Pancreatitis In Dogs
Pancreatitis in dogs is a tricky and sometimes frightening condition. It’s hard to definitively diagnose, hard to treat … and it can be life-threatening. Pancreatitis means “inflammation of the pancreas.” But inflammation in the pancreas can be devastating.
So it’s important to recognize the signs of pancreatitis and know when to go to the vet … as well as what to feed a dog with pancreatitis.
What The Pancreas Does
The pancreas is a solid glandular organ located in the right upper part of the abdomen. It’s tucked in along the duodenum (the first section of the intestine), under the stomach. It’s near the liver and the transverse colon.
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The pancreas has both exocrine and endocrine functions. As an exocrine gland, it secretes its products through a duct system. Its endocrine cells secrete hormones into the bloodstream to travel throughout the body.
The Exocrine Pancreas: When your dog eats, the exocrine pancreas releases both bicarbonate and digestive enzymes. They go into ducts that flow to the duodenum. Bicarbonate neutralizes the highly acidic stomach contents as they move into the intestines. Then the digestive enzymes get to work … breaking down the food so the body can absorb and use it.
The Endocrine Pancreas
The pancreas is also a vital endocrine gland. It produces 10 different hormones. The two most important ones are insulin and glucagon. Insulin helps with energy production and lowers blood sugar. It also promotes the storage of fat.Glucagon does the reverse. When blood sugar drops too low, it triggers liver and fat cells to release glucose and raise blood sugar levels. Glucagon also stimulates fat breakdown.
There are two types of pancreatitis: acute and chronic.
Acute Pancreatitis In Dogs
Acute pancreatitis can be a life-threatening emergency. Inflammation creates swelling and congestion in the pancreas. This lowers hormone production, and cells may die. But the most dangerous part of pancreatitis is inflammation of the exocrine cells. The exocrine cells make digestive enzymes. Normally they’re confined within ducts until they reach the small intestine.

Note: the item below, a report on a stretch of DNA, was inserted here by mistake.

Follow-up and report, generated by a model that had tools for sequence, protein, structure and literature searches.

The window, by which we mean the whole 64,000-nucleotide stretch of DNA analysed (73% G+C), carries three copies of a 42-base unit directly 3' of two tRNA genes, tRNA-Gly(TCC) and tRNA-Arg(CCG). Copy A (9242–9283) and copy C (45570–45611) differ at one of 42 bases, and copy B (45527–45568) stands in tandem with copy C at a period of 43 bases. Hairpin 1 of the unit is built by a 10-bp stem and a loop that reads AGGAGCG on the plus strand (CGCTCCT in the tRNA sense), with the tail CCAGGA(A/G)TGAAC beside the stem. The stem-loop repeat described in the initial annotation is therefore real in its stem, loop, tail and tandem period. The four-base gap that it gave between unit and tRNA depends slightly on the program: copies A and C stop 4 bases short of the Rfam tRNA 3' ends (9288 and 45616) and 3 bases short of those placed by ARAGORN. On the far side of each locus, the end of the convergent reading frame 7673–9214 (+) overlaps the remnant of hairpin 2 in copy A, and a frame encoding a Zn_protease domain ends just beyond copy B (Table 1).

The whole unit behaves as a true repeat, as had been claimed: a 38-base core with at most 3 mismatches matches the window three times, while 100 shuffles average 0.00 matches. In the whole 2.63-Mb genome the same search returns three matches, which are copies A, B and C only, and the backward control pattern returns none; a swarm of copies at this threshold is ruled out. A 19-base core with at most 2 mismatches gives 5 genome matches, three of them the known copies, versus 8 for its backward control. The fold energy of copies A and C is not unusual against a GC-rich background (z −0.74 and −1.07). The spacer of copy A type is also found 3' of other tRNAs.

But when these cells die, they leak enzymes into the surrounding tissue. They then start to digest the pancreas’s own tissues. They may even leak into the abdomen. This leads to massive inflammation … and cell death. And as you might imagine, this is very painful for your dog!
Because of the. pain, you’ll want to know how to comfort a dog with pancreatitis quickly. So the first step is to recognize the symptoms of acute pancreatitis in dogs and get him to your vet for emergency help
Signs Of Acute Pancreatitis in Dogs
Loss of appetite
Lethargy or restlessness
If you see these symptoms in your dog, get to your vet. Acute pancreatitis can lead to very severe problems, like organ failure (kidneys, lungs, heart), septic shock or death.
Vet Treatment For Acute Pancreatitis
If your dog has a serious case of acute pancreatitis, he needs veterinary care early on. It’s a very serious condition … so please don’t try to manage severe acute pancreatitis yourself at home.
Don’t feel bad if your dog gets some emergency medications in the clinic. You can clean up or detox afterwards, when he gets home. Work closely with your holistic veterinarian. Once your dog’s out of danger, she’ll able to support your dog’s healing with natural remedies.
Chronic Pancreatitis In Dogs
Your dog may develop a low-grade, smoldering form of pancreatitis. This can produce intermittent mild signs of illness, such as:
Lack of appetite